To complement their field observations, the research team conducted lab tests using five species of insects, including dragonflies, moths, and hawkmoths. They attached position markers to the insects and tracked their behavior around various light sources, including UV LEDs and cool white LEDs. The results demonstrated that the insects' ability to control their flight bearings was significantly altered when they attempted to tilt their bodies toward the lights.
Researchers attached position markers to the insects and tracked their behavior around various light sources, including UV LEDs and cool white LEDs. (CREDIT: Thomas Angus)
By using computer modeling, the researchers established that insects tilting their bodies towards the light could explain the seemingly erratic flight patterns near artificial light sources. This new insight led them to propose that insects gather at artificial lights not because they are attracted to them, but because they become disoriented, mistaking the light for the sky.
The prevailing explanation for this behavior is that most flying insects exhibit what is known as the dorsal-light-response, a behavior that keeps their dorsal side facing the brightest visual region. Before the proliferation of artificial light, this region was typically the night sky.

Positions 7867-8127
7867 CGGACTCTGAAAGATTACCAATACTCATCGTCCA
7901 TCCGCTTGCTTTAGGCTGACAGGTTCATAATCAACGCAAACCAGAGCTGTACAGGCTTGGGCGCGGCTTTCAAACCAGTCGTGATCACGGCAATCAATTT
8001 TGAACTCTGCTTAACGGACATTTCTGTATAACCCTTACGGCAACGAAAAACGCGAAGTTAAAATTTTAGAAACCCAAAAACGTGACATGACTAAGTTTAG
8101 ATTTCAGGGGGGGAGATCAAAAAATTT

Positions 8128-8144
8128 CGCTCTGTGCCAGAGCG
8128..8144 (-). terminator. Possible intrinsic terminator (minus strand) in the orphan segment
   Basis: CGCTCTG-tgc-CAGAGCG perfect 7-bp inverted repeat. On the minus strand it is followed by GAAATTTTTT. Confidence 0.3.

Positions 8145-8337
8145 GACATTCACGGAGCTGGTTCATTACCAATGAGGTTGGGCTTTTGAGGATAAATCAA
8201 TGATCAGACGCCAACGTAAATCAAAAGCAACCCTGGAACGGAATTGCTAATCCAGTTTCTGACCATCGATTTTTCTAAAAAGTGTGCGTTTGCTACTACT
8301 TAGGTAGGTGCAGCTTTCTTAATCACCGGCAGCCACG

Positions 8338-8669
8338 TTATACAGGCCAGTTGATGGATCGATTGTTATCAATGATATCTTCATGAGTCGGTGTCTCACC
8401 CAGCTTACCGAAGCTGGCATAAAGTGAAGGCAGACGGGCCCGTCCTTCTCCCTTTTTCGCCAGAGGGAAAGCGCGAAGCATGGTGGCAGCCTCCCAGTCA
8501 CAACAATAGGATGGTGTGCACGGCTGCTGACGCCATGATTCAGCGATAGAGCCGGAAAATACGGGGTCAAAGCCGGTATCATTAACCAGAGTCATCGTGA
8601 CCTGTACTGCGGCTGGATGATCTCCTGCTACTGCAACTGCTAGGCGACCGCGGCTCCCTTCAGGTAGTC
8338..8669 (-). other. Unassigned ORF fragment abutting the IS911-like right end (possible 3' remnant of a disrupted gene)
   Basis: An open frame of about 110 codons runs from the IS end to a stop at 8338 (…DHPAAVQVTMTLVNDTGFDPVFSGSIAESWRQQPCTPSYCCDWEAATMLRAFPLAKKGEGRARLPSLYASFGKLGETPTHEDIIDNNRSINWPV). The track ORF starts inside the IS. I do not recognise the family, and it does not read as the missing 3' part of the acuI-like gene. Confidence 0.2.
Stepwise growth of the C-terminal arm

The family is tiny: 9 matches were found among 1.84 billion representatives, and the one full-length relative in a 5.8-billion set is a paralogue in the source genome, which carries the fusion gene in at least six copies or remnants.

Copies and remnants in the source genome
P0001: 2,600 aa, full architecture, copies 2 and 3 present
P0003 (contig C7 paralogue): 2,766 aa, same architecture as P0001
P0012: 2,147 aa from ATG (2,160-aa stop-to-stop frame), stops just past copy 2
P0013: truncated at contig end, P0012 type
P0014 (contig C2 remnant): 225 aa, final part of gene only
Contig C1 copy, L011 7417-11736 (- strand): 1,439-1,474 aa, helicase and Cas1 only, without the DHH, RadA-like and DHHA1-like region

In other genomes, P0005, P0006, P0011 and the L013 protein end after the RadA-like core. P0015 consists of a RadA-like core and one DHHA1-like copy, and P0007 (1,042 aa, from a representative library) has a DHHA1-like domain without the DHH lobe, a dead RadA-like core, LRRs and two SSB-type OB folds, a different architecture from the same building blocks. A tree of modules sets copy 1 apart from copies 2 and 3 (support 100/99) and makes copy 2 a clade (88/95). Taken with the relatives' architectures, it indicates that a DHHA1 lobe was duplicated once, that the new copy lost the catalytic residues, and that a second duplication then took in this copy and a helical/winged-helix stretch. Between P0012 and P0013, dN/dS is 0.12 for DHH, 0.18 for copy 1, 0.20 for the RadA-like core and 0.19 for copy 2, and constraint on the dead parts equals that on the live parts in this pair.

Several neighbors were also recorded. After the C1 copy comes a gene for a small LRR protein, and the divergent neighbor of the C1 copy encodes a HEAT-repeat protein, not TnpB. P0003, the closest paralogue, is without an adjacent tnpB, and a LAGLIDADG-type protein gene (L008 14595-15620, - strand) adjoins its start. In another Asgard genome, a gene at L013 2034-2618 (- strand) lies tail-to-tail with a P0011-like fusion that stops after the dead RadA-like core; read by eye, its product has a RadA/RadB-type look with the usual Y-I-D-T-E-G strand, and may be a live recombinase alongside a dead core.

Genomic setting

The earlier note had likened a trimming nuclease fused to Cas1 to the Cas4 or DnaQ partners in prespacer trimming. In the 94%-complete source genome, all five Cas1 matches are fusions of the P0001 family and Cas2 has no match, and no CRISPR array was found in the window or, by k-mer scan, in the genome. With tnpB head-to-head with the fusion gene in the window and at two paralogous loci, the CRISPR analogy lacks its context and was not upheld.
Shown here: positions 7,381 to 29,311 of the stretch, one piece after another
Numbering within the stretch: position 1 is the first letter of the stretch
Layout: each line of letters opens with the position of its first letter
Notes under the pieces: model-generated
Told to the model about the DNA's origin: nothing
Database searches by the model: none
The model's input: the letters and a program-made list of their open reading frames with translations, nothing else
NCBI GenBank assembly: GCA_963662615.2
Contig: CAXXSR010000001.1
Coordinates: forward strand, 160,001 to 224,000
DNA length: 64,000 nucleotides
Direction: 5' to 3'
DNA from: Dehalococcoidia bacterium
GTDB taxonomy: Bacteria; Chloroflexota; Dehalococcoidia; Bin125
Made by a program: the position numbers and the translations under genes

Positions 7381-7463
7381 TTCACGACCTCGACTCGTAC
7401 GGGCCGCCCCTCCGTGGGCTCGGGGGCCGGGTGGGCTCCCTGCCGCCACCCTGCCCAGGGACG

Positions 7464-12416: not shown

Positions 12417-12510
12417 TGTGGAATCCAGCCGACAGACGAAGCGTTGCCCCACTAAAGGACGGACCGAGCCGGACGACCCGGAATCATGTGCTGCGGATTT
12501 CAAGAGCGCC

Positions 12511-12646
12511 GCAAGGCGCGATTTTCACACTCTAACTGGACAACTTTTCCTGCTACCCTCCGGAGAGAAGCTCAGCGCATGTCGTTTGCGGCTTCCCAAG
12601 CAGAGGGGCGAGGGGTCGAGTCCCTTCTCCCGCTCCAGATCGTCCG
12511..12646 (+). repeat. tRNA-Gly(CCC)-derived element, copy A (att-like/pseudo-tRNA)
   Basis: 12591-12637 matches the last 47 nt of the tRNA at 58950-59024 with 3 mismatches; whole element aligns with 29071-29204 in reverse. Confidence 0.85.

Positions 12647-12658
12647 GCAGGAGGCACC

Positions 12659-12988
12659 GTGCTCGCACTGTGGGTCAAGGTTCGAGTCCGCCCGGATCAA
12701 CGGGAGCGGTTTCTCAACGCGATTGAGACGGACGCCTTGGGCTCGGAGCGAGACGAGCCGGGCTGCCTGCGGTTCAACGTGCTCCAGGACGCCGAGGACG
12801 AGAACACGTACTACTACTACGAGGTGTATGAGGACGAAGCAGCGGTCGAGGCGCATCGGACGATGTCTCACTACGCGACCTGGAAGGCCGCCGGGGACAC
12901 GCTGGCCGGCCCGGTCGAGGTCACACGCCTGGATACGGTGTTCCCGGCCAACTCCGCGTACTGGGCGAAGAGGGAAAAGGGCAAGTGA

Insects flying around a light source in the field display 3 common behavioral motifs not seen in normal flight. (CREDIT: Nature Communications)
Dr. Fabian emphasized the importance of understanding how insects orient themselves, stating, "Flying animals need a reliable way to determine their orientation, especially relative to the direction of gravity. With help from new technologies that enable us to track the movements of tiny insects in difficult and dark conditions, we were able to understand how these insects behave around different light sources."
The study raises concerns about the increasing prevalence of artificial nighttime light sources, including streetlamps, buildings, and vehicles. The researchers suggest that reducing unnecessary, unshielded, upward-facing lights and ground reflections can mitigate the negative impact on nocturnal insects when natural light from the sky cannot compete with artificial sources.
Insects within a controlled environment did not head towards the light source, but predominantly orbited it. Top-down plotted flight tracks for each of the 4 main study species with a central downward-facing bulb or vertical tube light source (left four panels), and Sympetrum striolatum in total darkness (right). (CREDIT: Nature Communications)
Dr. Fabian added a poignant message: "I hope this research motivates us to think twice about the light we throw around at night. Light at night is pollution, and we need to think of it as such. It may be that simply shrouding and restricting our lights can dramatically improve life for our nocturnal wildlife."
The study, titled "Why flying insects gather at artificial light," was published in the prestigious journal Nature Communications. It sheds light on a previously misunderstood phenomenon, highlighting the urgent need for responsible use of artificial light to protect the delicate balance of the natural world at night.